Policies of fluid administration/restriction in critically ill patients have evolved over recent years. Abundant fluid resuscitation is encouraged during the early stage of severe sepsis. But a conservative fluid strategy is recommended in later stages, in particular when lungs are injured. Both strategies are risky if uncontrolled. Tests detecting volume unresponsiveness at any moment of fluid resuscitation or detecting volume unresponsiveness at any moment of fluid restriction would help to better assess the benefit/risk ratio of continuing such strategies. Measuring the short-term hemodynamic changes during passive leg raising can be reliably used for that purpose in both situations, even when patients are breathing spontaneously.
doi:10.1186/cc7979
PMCID: PMC2750176  PMID: 19678915
14.  Critical care management and outcome of severe Pneumocystis pneumonia in patients with and without HIV infection 
Critical Care  2008;12(1):R28.
Background
Little is known about the most severe forms of Pneumocystis jiroveci pneumonia (PCP) in HIV-negative as compared with HIV-positive patients. Improved knowledge about the differential characteristics and management modalities could guide treatment based on HIV status.
Methods
We retrospectively compared 72 patients (73 cases, 46 HIV-positive) admitted for PCP from 1993 to 2006 in the intensive care unit (ICU) of a university hospital.
Results
The yearly incidence of ICU admissions for PCP in HIV-negative patients increased from 1993 (0%) to 2006 (6.5%). At admission, all but one non-HIV patient were receiving corticosteroids. Twenty-three (85%) HIV-negative patients were receiving an additional immunosuppressive treatment. At admission, HIV-negative patients were significantly older than HIV-positive patients (64 [18 to 82] versus 37 [28 to 56] years old) and had a significantly higher Simplified Acute Physiology Score (SAPS) II (38 [13 to 90] versus 27 [11 to 112]) but had a similar PaO2/FiO2 (arterial partial pressure of oxygen/fraction of inspired oxygen) ratio (160 [61 to 322] versus 183 [38 to 380] mm Hg). Ventilatory support was required in a similar proportion of HIV-negative and HIV-positive cases (78% versus 61%), with a similar proportion of first-line non-invasive ventilation (NIV) (67% versus 54%). NIV failed in 71% of HIV-negative and in 13% of HIV-positive patients (p < 0.01). Mortality was significantly higher in HIV-negative than HIV-positive cases (48% versus 17%). The HIV-negative status (odds ratio 3.73, 95% confidence interval 1.10 to 12.60) and SAPS II (odds ratio 1.07, 95% confidence interval 1.02 to 1.12) were independently associated with mortality at multivariate analysis.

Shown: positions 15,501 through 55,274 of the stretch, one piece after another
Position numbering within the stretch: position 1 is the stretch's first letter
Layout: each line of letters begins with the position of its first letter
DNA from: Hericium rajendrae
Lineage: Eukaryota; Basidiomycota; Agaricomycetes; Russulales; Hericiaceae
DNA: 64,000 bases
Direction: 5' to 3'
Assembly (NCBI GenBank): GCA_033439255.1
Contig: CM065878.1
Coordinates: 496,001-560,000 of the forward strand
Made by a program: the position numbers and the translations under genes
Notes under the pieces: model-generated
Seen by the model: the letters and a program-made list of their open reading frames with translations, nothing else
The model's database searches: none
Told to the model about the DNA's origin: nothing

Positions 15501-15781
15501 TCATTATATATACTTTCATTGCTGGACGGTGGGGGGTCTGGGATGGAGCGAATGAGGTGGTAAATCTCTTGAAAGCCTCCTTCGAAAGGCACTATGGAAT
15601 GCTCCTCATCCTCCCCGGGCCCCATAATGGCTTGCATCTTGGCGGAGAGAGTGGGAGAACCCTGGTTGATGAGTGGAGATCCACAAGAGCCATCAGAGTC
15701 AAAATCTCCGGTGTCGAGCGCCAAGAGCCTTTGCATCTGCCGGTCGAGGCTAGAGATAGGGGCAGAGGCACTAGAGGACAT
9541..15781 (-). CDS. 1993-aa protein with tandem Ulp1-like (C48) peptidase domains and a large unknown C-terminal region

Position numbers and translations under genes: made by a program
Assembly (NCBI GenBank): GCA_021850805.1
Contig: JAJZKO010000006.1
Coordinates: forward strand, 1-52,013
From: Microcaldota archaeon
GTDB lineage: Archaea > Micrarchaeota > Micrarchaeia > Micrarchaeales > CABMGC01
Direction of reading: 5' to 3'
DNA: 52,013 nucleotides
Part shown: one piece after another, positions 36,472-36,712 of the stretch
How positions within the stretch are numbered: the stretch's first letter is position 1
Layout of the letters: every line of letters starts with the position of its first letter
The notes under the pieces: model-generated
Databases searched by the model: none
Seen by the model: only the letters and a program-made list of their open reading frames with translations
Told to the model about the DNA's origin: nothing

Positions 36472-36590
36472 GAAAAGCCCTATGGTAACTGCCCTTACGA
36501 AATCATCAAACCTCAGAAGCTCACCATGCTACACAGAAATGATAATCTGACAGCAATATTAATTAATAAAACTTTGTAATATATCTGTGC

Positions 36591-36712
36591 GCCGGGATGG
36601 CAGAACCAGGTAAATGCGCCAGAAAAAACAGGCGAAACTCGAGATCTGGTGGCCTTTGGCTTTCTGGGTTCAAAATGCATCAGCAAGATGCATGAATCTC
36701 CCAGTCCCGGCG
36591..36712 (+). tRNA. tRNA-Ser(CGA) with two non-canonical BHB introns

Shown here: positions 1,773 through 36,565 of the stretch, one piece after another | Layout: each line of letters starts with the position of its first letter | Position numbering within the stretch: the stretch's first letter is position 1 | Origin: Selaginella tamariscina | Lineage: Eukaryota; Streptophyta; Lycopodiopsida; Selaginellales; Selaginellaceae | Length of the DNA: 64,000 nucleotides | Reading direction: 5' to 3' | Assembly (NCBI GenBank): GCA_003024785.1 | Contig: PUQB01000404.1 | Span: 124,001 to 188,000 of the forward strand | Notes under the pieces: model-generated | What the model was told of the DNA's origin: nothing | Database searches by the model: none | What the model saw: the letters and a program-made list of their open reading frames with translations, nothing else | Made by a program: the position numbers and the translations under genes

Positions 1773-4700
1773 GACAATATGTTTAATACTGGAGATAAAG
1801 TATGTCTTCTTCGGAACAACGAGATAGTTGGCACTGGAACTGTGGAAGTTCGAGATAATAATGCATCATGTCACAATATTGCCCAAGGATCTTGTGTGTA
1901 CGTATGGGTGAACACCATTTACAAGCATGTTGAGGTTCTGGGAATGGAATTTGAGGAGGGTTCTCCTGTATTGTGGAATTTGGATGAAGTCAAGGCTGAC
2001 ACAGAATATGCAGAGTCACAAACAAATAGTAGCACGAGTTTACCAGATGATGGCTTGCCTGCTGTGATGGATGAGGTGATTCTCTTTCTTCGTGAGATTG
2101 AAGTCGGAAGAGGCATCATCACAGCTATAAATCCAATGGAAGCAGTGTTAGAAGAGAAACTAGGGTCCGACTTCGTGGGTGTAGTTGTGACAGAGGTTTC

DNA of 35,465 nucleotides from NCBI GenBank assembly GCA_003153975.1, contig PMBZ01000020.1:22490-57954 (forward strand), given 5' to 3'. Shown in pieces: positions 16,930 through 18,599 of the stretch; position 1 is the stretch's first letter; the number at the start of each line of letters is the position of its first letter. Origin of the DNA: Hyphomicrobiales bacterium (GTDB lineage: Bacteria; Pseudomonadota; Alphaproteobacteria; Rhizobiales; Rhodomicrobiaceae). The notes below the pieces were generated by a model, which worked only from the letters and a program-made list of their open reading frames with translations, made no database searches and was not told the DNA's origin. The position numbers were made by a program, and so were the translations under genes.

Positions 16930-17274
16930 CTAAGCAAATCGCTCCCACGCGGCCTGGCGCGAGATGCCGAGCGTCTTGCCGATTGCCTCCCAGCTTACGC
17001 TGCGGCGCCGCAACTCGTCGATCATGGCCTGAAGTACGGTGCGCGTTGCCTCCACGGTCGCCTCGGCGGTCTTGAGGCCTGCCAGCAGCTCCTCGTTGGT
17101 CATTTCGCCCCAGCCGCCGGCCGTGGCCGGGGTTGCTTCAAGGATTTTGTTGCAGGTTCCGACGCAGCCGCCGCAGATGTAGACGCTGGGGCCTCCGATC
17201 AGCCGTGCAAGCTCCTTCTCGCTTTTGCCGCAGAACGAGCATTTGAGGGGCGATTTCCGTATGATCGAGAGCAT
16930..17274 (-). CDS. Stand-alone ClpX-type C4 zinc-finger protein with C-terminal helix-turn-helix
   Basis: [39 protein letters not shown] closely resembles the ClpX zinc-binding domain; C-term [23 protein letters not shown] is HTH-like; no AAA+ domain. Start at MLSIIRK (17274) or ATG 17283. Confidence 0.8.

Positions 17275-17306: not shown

Conclusion
The yearly incidence of ICU admissions for PCP in HIV-negative patients in our unit increased from 1993 to 2006. The course of the disease and the outcome were worse in HIV-negative patients. NIV often failed in HIV-negative cases, suggesting that NIV must be watched closely in this population.
doi:10.1186/cc6806
PMCID: PMC2374632  PMID: 18304356
15.  Pulse oximeter as a sensor of fluid responsiveness: do we have our finger on the best solution? 
Critical Care  2005;9(5):429-430.
The pulse oximetry plethysmographic signal resembles the peripheral arterial pressure waveform, and the degree of respiratory variation in the pulse oximetry wave is close to the degree of respiratory arterial pulse pressure variation. Thus, it is tempting to speculate that pulse oximetry can be used to assess preload responsiveness in mechanically ventilated patients. In this commentary we briefly review the complex meaning of the pulse oximetry plethysmographic signal and highlight the advantages, limitations and pitfalls of the pulse oximetry method. Future studies including volume challenge must be performed to test whether the pulse oximetry waveform can really serve as a nonivasive tool for the guidance of fluid therapy in patients receiving mechanical ventilation in intensive care units and in operating rooms.
doi:10.1186/cc3876
PMCID: PMC1297637  PMID: 16277729
16.  Corynebacterium ulcerans in an Immunocompromised Patient with Diphtheria and Her Dog 
Journal of Clinical Microbiology  2005;43(2):999-1001.
Corynebacterium ulcerans causes zoonotic infections, such as diphtheria and extrapharyngeal infections. We report here the first case of a diphtheria-like illness caused by C. ulcerans in France and transmitted likely by a dog to an immunocompromised woman.
doi:10.1128/JCM.43.2.999-1001.2005
PMCID: PMC548063  PMID: 15695729